11. I believe in second chances but would tread very carefully in this situation. As everyone else has mentioned, it depends on the crime and job being applied to.

    This issue does not only pertain to employment, it pertains to college admission as well. I work for a college and have had ex-convicts apply for admission to earn their degree. There is a question on the application (similar to a job application) that asks about your criminal history. If they check "yes" to a conviction, we must do a background check on them to see exactly what they did. I have worked in this role for almost 2 years and have had 2 people check the "yes" box. In both cases they were denied admission because the crime was violent in nature. Violent crimes are very difficult to overlook. Non-violent crimes would be much easier to work with.
  12. pwarbi

    pwarbi Member

    When it comes to violent crimes I'd have to know exactly what the crime was and also how long ago it was. There's a big difference between attempted murder and being involved in a fight in a bar because somebody punched your wife in there for example.

    I do take the point though that the severity of the crime, no matter what the reasons behind it would be the first matter to look at.
  13. Cleveland76

    Cleveland76 Member

    I don't understand why someone with a criminal record wouldn't be allowed admission into a college, even if it was "violent in nature". To some degree I could understand limiting their access to student housing or not allowing them to live on campus at all. But it makes no sense to deny them from pursuing an education, especially when they are the ones taking on the greatest risk of the financial burden of doing so. Not only that, but many schools now offer classes entirely online, so you could at least offer them that route. I find it hard to believe an ex con, even with a "violent" record, is anything but serious if they are going through the trouble of applying for college and working towards getting their financial arrangements in place to do so.

    The more we deny people with previous records an opportunity to get back on their feet and become productive members of society, the more likely they will be to return to their former ways and be an even bigger burden on all of us. Once people get a "record" and get into the "system" it's a vicious and endless cycle. That person you denied a job to could wind up robbing your store a few weeks later since they are now broke and homeless and desperate.

    My record has some bumps on it as well, but I've been hired by one of the largest insurance carriers in the US as part of their marketing team, as well as the largest online insurance agency in the US (at the time at least) also on their marketing department. I've had two DUI's on my record (one was after leaving a work related function where we were all drinking), as well as a disorderly conduct charge when I was in my 20's (for hooking up with someone in their car after leaving a bar). In fact most of them didn't even do a drug test, only one of them did.

    I care more about a persons skill set and expertise, personally. Just because someone gets hired into a place with a clean record doesn't mean they're going to maintain it, so why deny people without one. There were multiple people I worked with whom ended up getting DUI's themselves while we worked together, including my boss at the time. I would take a truly talented person with a record, over a mediocre employee with no record.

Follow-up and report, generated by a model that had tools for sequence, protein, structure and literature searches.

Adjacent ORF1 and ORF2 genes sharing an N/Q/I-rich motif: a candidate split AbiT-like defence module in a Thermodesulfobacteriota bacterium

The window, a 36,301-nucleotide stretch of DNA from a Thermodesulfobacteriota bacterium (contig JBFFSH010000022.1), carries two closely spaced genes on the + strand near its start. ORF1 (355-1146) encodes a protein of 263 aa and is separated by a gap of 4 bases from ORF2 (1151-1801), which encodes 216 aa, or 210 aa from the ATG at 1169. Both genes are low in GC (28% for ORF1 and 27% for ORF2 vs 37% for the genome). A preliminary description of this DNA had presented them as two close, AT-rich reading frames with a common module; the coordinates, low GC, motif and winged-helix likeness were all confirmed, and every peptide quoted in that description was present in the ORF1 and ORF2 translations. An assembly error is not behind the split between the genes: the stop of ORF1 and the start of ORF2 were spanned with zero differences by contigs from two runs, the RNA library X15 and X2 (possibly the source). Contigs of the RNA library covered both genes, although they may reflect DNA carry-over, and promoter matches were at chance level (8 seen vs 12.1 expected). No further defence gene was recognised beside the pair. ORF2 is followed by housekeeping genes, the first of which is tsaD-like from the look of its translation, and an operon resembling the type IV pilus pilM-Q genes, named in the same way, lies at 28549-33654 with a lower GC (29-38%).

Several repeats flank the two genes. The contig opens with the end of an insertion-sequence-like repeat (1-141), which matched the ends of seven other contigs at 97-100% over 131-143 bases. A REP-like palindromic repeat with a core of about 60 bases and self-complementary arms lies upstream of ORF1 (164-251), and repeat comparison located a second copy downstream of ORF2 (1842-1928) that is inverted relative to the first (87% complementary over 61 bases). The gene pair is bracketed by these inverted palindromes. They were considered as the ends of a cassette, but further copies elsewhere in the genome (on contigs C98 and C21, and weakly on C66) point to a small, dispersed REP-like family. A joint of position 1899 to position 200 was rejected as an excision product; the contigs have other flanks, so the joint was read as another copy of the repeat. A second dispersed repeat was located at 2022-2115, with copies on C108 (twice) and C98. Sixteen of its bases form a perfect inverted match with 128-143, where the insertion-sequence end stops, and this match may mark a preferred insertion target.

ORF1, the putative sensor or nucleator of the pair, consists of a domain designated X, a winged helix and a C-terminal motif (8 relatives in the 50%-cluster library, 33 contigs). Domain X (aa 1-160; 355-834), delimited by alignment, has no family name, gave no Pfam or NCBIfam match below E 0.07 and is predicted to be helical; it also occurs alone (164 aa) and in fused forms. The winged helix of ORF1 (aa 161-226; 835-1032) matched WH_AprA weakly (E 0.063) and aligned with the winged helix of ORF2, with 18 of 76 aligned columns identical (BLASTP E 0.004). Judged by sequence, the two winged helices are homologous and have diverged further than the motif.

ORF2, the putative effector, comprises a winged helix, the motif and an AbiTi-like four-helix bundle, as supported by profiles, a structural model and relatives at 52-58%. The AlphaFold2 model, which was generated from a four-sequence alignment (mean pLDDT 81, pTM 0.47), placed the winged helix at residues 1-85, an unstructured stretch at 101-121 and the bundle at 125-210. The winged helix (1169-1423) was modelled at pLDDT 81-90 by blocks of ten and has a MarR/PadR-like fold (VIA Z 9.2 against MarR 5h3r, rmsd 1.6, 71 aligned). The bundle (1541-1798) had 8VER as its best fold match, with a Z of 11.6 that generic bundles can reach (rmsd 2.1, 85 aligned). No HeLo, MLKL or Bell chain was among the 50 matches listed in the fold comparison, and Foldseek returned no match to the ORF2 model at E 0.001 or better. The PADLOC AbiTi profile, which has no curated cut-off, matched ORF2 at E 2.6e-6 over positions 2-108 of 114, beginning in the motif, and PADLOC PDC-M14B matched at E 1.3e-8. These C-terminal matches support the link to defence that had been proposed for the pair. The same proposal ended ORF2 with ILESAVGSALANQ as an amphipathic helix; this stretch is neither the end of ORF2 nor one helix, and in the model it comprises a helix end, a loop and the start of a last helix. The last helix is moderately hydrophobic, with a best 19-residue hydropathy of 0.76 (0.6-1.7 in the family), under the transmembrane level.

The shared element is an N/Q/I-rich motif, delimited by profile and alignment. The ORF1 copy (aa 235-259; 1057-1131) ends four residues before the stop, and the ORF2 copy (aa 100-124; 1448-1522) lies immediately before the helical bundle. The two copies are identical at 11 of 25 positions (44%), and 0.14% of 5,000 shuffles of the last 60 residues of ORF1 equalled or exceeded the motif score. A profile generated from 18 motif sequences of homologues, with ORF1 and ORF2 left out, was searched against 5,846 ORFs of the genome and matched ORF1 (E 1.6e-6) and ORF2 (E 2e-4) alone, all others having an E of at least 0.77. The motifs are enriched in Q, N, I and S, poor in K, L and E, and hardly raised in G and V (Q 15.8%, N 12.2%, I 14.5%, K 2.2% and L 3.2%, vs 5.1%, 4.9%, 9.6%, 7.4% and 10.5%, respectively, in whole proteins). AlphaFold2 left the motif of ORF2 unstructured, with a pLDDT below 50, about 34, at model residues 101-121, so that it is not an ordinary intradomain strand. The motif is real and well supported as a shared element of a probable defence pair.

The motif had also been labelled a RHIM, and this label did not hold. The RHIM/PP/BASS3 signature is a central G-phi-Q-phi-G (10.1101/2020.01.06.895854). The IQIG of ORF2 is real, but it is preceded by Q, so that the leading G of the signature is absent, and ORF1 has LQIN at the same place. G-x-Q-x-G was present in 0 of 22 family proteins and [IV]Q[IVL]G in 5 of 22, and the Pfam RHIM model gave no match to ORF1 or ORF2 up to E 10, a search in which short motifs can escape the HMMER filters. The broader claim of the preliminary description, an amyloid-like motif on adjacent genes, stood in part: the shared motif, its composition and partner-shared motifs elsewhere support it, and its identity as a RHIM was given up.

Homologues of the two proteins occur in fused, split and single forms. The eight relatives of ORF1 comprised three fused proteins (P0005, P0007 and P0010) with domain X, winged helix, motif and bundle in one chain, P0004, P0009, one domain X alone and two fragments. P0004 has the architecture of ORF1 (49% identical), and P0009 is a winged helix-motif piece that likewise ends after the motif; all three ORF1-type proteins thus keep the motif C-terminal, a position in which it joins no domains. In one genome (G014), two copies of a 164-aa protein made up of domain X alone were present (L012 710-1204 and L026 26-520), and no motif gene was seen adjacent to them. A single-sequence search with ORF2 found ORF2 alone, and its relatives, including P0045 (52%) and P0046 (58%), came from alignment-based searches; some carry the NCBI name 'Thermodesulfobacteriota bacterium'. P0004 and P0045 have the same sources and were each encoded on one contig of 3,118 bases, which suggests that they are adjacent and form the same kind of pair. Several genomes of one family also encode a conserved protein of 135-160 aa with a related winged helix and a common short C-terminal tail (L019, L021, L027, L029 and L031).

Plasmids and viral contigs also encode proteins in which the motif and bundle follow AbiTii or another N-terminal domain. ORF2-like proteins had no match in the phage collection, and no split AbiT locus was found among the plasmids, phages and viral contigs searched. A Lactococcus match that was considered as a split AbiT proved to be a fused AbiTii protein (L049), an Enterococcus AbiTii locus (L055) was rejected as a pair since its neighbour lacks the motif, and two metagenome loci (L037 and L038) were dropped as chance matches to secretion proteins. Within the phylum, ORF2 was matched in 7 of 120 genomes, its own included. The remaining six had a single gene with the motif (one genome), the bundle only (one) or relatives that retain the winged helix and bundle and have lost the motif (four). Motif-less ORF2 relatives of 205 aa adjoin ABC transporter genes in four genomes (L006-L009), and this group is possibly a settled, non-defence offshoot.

14. ReadmeByAmy

    ReadmeByAmy Member

    We all made mistakes in our life and for me there is always a second chance for us to change. Sometimes I cannot understand why in our society if they knew someone who had a criminal record they are already afraid to be with them or to hire them if they are applying for work and they always judged them without knowing first the reason why they had committed their mistakes. In our life we can never tell what is ahead of us and we cannot avoid some unnecessary circumstances to make mistakes that will sometimes will lead us to have a bad or criminal record. Each situation differs with each person. And in a workplace it doesn't mean that the person you hired who had clean record will surely contribute to the success of the company. Sometimes those you did not hire with criminal record might be the right person who are hardworking and productive. Since in a company the human resources department is in charge of the recruitment processes of all the applicants in the interview portion you can already feel and tell if that person who had a criminal record in the past can be someone whom you give another chance and trust that they are worth enough to be chosen among the other applicants. But different companies had different sets of rules and regulations with regards to their recruitment and hiring processes and it depends.
  15. harpazo22

    harpazo22 Member

    We just have to use our own personal good judgment on matters such as this. Yes it is true we all have done stupid things, so I think as long as it's pretty far in the past that's a good start. :)
  16. you really need to check the status of your applicant, they want to work with you because they need money for basic such as food, shelter, education of their child and wanted a new life. If they don't meet these basics with their salary, they will probably get a loan from you, go back to their vices and that is where the problem starts. Have a background check, how many kids do they feed and send to school. If you really want to hire these people because of their skills and capabilities, have them part of your family, After all, they already served their days in jail.
  17. I've always taken it on a case by case basis. At the end of the day, we're all human; I'm many of us have made wrong choices in the past and haven't been caught. It depends on the crime, but I'm always willing to hear someone's story.